Former student Kweku Adoboli 'gambled away' £1.4bn of bank cash
A "ROGUE trader" accused of Britain's biggest banking fraud was "a gamble or two away from destroying Switzerland's largest bank", a court heard today.
Former University of Nottingham student Kweku Adoboli, 32, is accused of gambling away £1.4 billion while working as a trader for UBS.
At one point he was at risk of causing the bank losses of £7.4 billion, jurors at Southwark Crown Court were told.
Adoboli, who is facing two counts of fraud and two counts of false accounting between October 2008 and last September, allegedly gambled away the money on high-risk trades aimed at boosting his annual bonuses and job prospects.
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Prosecutor Sasha Wass QC said: "He is on trial because he lost his bank £1.4 billion. He fraudulently gambled it away. He also, in doing so, wiped 10%, or about £2.8 billion, off the bank's share price.
"He did all of this by exceeding his trading limits, by inventing fictitious deals to conceal this and then he lied to his bosses.
"Mr Adoboli's motive for this behaviour was to increase his bonus, his status within the bank, his job prospects and of course his ego.
"Like most gamblers, he believed he had the magic touch. Like most gamblers, when he lost, he caused chaos and disaster to himself and all of those around him."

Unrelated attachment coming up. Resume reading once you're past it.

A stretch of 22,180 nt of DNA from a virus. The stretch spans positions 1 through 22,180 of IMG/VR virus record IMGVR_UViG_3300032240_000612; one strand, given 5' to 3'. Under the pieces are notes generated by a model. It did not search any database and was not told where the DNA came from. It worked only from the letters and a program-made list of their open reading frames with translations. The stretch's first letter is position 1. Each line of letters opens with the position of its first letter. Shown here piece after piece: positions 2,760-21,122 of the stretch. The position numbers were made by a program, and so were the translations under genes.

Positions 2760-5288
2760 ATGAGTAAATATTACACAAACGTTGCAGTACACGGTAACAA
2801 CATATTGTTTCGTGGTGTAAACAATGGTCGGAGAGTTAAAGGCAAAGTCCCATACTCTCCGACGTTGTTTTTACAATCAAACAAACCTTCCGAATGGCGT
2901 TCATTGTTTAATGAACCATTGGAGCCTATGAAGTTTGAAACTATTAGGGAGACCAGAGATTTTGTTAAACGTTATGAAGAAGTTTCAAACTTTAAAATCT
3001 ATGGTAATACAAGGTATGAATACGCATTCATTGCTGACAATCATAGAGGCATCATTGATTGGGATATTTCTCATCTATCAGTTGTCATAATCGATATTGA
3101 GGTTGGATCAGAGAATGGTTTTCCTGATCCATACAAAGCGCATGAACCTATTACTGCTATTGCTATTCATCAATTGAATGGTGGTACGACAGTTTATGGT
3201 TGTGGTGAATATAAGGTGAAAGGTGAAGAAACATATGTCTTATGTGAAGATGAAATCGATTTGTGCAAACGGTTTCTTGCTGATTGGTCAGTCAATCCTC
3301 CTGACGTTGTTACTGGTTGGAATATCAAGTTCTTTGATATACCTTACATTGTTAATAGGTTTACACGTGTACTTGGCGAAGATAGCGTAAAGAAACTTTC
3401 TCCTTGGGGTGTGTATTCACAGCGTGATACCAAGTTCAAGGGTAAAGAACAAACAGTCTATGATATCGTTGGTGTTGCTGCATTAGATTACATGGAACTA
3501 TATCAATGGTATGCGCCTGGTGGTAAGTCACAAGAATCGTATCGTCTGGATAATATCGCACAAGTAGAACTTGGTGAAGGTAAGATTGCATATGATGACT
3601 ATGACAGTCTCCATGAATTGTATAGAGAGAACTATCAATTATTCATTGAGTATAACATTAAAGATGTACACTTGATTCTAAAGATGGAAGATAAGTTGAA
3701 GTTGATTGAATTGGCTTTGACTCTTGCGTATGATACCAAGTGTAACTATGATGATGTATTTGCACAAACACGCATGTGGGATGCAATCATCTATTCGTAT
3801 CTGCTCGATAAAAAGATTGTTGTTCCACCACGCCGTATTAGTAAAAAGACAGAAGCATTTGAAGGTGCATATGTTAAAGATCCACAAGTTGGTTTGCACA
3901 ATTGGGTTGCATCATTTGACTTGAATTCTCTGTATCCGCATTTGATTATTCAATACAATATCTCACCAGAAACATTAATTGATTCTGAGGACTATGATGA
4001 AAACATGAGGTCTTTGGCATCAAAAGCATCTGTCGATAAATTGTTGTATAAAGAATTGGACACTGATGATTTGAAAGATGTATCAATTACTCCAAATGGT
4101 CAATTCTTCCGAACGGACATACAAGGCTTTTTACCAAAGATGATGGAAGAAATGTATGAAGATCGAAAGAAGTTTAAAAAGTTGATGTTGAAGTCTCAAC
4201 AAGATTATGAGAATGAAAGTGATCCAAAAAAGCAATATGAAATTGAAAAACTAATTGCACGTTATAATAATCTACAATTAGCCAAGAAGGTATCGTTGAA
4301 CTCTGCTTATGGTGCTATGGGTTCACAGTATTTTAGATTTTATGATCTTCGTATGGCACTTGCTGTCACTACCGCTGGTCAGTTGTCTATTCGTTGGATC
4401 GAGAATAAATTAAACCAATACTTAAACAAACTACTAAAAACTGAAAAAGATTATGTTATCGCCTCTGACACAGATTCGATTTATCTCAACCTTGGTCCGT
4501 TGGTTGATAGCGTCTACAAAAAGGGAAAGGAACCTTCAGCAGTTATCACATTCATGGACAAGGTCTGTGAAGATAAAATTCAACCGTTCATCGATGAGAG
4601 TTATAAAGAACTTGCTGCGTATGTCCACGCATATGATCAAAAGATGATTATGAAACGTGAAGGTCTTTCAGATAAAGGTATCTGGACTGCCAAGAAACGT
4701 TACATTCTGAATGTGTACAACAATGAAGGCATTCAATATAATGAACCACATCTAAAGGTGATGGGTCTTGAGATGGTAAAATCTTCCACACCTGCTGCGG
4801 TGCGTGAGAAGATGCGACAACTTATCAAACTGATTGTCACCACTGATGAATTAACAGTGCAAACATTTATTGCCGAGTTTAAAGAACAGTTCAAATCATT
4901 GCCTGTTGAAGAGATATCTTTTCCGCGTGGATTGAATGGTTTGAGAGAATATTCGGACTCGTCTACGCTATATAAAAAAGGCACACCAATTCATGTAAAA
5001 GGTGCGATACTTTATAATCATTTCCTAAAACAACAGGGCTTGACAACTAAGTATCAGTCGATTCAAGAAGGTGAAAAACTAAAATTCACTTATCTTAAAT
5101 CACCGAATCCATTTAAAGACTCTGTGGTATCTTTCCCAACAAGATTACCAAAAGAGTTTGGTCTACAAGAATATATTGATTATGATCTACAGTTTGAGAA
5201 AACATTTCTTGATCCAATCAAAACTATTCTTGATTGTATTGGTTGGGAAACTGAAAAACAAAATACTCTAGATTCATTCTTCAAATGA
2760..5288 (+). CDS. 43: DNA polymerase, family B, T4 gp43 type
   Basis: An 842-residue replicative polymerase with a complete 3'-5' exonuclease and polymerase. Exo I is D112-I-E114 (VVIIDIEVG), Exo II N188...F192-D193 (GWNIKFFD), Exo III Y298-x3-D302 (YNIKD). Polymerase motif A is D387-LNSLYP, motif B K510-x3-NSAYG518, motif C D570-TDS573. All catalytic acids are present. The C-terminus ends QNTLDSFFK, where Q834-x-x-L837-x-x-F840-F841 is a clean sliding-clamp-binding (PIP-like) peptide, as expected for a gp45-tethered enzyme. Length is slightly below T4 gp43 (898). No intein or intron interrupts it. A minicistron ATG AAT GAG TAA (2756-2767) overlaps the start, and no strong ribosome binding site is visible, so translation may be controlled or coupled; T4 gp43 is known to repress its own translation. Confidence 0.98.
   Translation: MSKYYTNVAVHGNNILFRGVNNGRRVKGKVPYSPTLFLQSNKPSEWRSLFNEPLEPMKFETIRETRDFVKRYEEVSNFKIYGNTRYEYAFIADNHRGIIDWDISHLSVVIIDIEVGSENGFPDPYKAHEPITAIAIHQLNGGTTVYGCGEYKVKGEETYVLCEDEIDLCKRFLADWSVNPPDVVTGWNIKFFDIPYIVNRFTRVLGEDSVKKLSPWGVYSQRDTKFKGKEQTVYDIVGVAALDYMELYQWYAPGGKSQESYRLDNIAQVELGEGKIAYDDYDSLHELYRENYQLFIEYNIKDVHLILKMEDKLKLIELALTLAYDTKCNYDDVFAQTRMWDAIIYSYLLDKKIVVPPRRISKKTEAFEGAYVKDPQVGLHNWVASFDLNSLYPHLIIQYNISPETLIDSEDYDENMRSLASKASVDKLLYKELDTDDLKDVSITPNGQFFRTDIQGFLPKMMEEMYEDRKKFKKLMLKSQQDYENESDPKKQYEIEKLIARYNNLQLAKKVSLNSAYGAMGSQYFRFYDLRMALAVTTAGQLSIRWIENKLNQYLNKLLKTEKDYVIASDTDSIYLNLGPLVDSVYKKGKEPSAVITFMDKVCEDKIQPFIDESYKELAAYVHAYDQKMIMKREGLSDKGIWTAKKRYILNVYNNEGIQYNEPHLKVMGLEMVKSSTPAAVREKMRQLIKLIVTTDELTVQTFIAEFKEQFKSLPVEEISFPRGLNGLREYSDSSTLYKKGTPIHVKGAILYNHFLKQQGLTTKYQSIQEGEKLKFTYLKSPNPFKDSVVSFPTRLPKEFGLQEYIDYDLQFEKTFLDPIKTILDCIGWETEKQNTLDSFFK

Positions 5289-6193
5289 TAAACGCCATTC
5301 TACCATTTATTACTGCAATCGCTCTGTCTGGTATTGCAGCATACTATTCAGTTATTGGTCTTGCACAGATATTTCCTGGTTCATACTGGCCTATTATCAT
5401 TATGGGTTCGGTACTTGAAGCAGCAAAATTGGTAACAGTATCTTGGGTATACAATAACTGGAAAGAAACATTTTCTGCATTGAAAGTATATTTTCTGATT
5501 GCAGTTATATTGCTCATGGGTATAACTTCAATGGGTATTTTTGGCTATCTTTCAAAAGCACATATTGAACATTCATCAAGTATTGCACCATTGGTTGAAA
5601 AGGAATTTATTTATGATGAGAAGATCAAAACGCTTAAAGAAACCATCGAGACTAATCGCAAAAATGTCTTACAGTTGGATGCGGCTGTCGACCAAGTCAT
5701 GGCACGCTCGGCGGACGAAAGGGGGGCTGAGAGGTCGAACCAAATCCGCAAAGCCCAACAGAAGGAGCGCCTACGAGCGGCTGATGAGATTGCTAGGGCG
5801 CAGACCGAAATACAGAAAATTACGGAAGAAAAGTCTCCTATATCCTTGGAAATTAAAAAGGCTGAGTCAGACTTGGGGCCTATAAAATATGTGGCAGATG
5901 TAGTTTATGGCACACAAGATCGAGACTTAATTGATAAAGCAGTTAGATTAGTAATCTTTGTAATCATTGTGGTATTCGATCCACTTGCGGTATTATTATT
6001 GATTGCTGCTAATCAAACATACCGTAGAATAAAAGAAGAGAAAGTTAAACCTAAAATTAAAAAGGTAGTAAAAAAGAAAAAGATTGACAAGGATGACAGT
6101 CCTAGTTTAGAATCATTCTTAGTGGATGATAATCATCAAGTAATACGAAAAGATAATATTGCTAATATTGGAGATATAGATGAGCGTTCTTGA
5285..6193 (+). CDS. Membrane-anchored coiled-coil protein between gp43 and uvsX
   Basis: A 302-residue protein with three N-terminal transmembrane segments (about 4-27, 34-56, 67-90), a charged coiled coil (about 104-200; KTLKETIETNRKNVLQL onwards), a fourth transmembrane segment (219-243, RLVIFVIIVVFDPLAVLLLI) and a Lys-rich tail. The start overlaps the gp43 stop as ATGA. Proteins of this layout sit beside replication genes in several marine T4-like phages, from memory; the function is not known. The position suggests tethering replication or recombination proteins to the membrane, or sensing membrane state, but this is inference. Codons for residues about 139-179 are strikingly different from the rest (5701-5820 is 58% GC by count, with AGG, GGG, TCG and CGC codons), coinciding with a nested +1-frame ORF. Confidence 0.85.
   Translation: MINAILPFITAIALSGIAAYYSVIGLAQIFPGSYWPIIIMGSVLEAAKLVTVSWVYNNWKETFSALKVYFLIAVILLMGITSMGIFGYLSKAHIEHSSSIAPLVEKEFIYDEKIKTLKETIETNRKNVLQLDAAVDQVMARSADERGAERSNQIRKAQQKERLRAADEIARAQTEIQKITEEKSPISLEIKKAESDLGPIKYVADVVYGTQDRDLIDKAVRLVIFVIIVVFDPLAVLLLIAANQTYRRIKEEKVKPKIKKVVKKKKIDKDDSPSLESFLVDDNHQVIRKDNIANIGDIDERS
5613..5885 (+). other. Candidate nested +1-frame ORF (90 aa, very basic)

Adoboli, who graduated from Nottingham in July 2003 with a BSc (Hons) degree in e-commerce and digital business, worked for UBS's global synthetic equities division, buying and selling exchange traded funds, which track different types of stocks, bonds or commodities such as metals.
The bank set a daily trading limit for the ETF desk of £61.5 billion, and also used "hedging" to reduce risk – for example buying one type of investment and simultaneously selling a similar one to mitigate any loss.
Prosecutors claim Adoboli failed to hedge several of his investments in order to make a bigger profit for the bank and larger bonus for himself.
Ms Wass said: "At one stage Mr Adoboli was in danger of losing the bank nearly £7.4 billion of investments."
Adoboli, from Clark Street, Whitechapel, east London, "fraudulently side-stepped" the bank's rules that banned high risk and unauthorised trades, the court heard.
Ms Wass said: "To put the huge trading loss in some sort of perspective, £1.4 billion is enough to pay a year's salary for nearly 70,000 new nurses or perhaps even six new hospitals.
"This colossal loss arose purely as a result of Mr Adoboli's fraudulent deal making, which amounted as you will see, to nothing more than gambling."
"Mr Adoboli had ceased to act as a professional investment banker. He had become what is sometimes referred to as a rogue trader."
Adoboli denies the charges. The trial was adjourned until Monday.